DOC/TN (%)=C0CtC0x 100    (3)

Where c0 and ct represent either DOC or TN concentrations at the beginning of the experiment and after a t time of reaction, respectively.

Iodometric Determination of Remaining Content of Free Hydrogen Peroxide

Throughout each catalytic tests, absorbance of the yellow solution formed by the reaction between the remaining H2O2 and potassium iodide at λ = 361 nm was measured in a Shimadzu UV2600 spectrophotometer (Klassen et al., 1994). For this, 0.2 mL of 0.01 mol/L ammonium molybdate (Merck, 81–83%) were added on 0.5 mL of sample, along with 0.3 mL of 1.0 mol/L sulfuric acid (Panreac, 98%) and 2.0 mL of potassium iodide 0.1 mol/L (Carlo Erba, 99.5%): linear range = 0–15.0 mg/L, r2 = 0.999, detection limit 0.01 mg/L; quantification limit = 0.06 mg/L. The reacted fraction of hydrogen peroxide (Equation 7) was calculated from the total volume of the reaction mixture (V total MO) at the t time, the measured concentration of hydrogen peroxide at each reaction time ([H2O2 rem]t), the added volume of H2O2 (V total addH2O2) and the other parameters indicated in Equations (4–7).

(mmol H2O2 rem)t=(V total MO)t*[H2O2 rem]t    (4)
(mmol H2O2 total added)t=(V total addH2O2)t*[H2O2]i    (5)
(mmol H2O2 reacted)t=(mmol H2O2 total added)t  -(mmol H2O2 rem)t    (6)
H2O2  reacted (%)= (mmol H2O2 reacted)t(mmol H2O2 total added)t*100    (7)

Efficiency of H2O2 Consumption and Selectivity to Mineralization in the CWPO Degradation of MO

The selectivity toward mineralization (σ) was defined according to Equation (10) by the ratio between experimental consumed DOC (Equation 8) and theoretical DOC if the MO consumption would fully correspond to mineralization as measured by visible spectroscopy (Equation 9):

Consumed DOC (mg/L)=[DOCi][DOCf]    (8)
Theoretical DOC (mg/L)=[DOCi]MO[DOCf]MO    (9)
σ= Consumed DOC (mg/L)Theoretical DOC (mg/L)100    (10)

Efficiencies of hydrogen peroxide consumption previously defined by Zazo et al. (2010) and Inchaurrondo et al. (2012) were adopted in this study (Equations 13 and 14), where η is the ratio between DOC and hydrogen peroxide consumed in the final reaction time (Equation 11), and ε is the amount of DOC consumed per unit mass (g) of hydrogen peroxide fed (Equation 12).

H2O2 consumed (gL)=​​ Stoichiometric  H2O2  added (g)(H2O2 reacted)tf (%)Volume of MO added in the reactor(L)    (11)
H2O2 fed (gL) =  H2O2 added in the reactor  (g)MO added in the reactor (L)    (12)
η= Consumed DOC (mg)H2O2 consumed (g)    (13)
ε= Consumed DOC (mg)H2O2 fed (g)    (14)

Identification and Quantification of the Main Intermediaries and by-Products of the CWPO Degradation of MO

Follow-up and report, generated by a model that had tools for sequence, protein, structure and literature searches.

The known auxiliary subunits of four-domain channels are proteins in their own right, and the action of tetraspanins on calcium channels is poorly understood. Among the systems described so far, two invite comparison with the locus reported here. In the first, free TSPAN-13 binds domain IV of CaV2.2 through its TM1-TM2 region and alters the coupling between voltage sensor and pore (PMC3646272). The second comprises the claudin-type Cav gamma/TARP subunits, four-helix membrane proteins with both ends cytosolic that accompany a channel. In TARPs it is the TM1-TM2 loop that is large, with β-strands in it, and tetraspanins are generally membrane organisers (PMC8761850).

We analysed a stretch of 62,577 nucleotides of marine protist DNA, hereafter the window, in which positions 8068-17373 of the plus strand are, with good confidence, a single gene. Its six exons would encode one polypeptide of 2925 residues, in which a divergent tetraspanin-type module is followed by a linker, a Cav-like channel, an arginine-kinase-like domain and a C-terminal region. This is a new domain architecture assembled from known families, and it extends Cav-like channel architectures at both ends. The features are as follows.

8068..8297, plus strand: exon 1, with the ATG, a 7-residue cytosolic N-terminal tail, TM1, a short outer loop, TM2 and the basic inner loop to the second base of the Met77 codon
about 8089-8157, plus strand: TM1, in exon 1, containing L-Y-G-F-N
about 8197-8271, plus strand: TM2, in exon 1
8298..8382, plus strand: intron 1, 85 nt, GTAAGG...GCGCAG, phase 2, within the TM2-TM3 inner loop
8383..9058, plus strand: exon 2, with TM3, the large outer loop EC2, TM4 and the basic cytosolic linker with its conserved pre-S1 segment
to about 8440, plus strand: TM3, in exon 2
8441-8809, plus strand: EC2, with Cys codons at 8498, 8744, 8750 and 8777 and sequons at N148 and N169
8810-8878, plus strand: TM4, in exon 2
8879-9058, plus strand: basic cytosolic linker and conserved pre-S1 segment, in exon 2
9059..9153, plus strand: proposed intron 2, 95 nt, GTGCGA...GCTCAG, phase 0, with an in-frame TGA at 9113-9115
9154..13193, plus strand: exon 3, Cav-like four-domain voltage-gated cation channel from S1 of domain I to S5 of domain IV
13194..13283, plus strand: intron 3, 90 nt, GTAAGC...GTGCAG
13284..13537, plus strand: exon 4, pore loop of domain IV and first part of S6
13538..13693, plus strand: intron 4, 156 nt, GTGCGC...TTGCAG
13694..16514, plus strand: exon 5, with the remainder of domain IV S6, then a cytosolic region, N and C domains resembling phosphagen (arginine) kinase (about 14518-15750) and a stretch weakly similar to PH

Chromatographic Analysis Through HPLC/PDA

The analysis of the aromatic intermediates and short chain carboxylic acids obtained during the MO degradation was carried out in a Shimadzu Prominence HPLC equipment. 3.0 mL of methanol (HPLC/PDA grade, Panreac) were added on 7.0 mL of sample collected from the catalytic test developed under optimal conditions of reaction, then filtered (ϕ = 0.45 μm, PVDF filters), and measured. The fractions were separated in a Premier C18 column (5.0 μm × 4.6 mm × 250 mm, Shimadzu) at 30°C. Injection volume was 30 μL and flow 0.8 mL/min, using a gradient method (A/B) with methanol (A) and water acidified with phosphoric acid at pH 2.3 (B) as mobile phases (0–5 min, 0/100 v/v; 10 min, 10/90 v/v; 15 min, 40/60 v/v; 20 min, 60/40 v/v; and 30 min 70/30 v/v). Following compounds were used to calculate response factors of targeted analytes: methyl orange (Sigma-Aldrich, 85%), 4-aminobenzenesulfonic acid (Sigma-Aldrich, 99%), Propanedioic acid (Sigma-Aldrich, 99%), maleic acid (Sigma-Aldrich, ≥99%), Butanedioic acid (Merck, 99.99%), ethanoic acid (Panreac, 99.8%), methanoic acid (Carlo Erba, 85%), oxalic acid (Alfa Aesar, 99%), benzenesulfonic acid (Sigma-Aldrich, 98%), benzene-1,4-diol (Panreac, 99%), Cyclohexa-2,5-diene-1,4-dione (Fluka, ≥99.5%), phenol (Sigma-Aldrich, 99%), p-nitrophenol (Alfa Aesar, 99%), and Benzene-1,2-diol (Alfa Aesar, 99%).

Chromatographic Analyses Through GC/FID

In order to monitor the volatile intermediates and by-products (mainly, the most concerning aromatic amines), the samples were injected in a Shimadzu GC-2010 gas chromatograph provided with flame ionization detector (FID) and split injection mode; 5.0 mL of sample were analyzed in this case. Three successive extractions were conducted with 3.0 mL portions of ethyl acetate (Panreac, 99.5%); the sample was concentrated in a Heidolph rotaevaporator at 40°C up to 2.0 mL, and then measured. Separations were made under a temperature program by using an PTA-5 Fused Silica capillary column (30 m × 0.53 mm × 1.5 μm from SUPELCO). The GC conditions of separation were: Detector and injector temperature: 220°C, carrier gas He, make up gas N2 (40 mL/min), oven temperature program: 130–150°C under a ramp of 1.0°C/min, then 150–180°C under a ramp of 10°C/min, and finally 1 min at 180°C. Following standards were used to calculate response factors: Phenylamine (Mallinckrodt, 99.99%), N-methylaniline (Sigma-Aldrich, ≥99%), N,N-dimethylaniline (Sigma-Aldrich, 99.57%), N,N-dimethyl-p-phenylenediamine (Alfa Aesar, 96%), 3-Dimethylaminophenol (Alfa Aesar, 97%).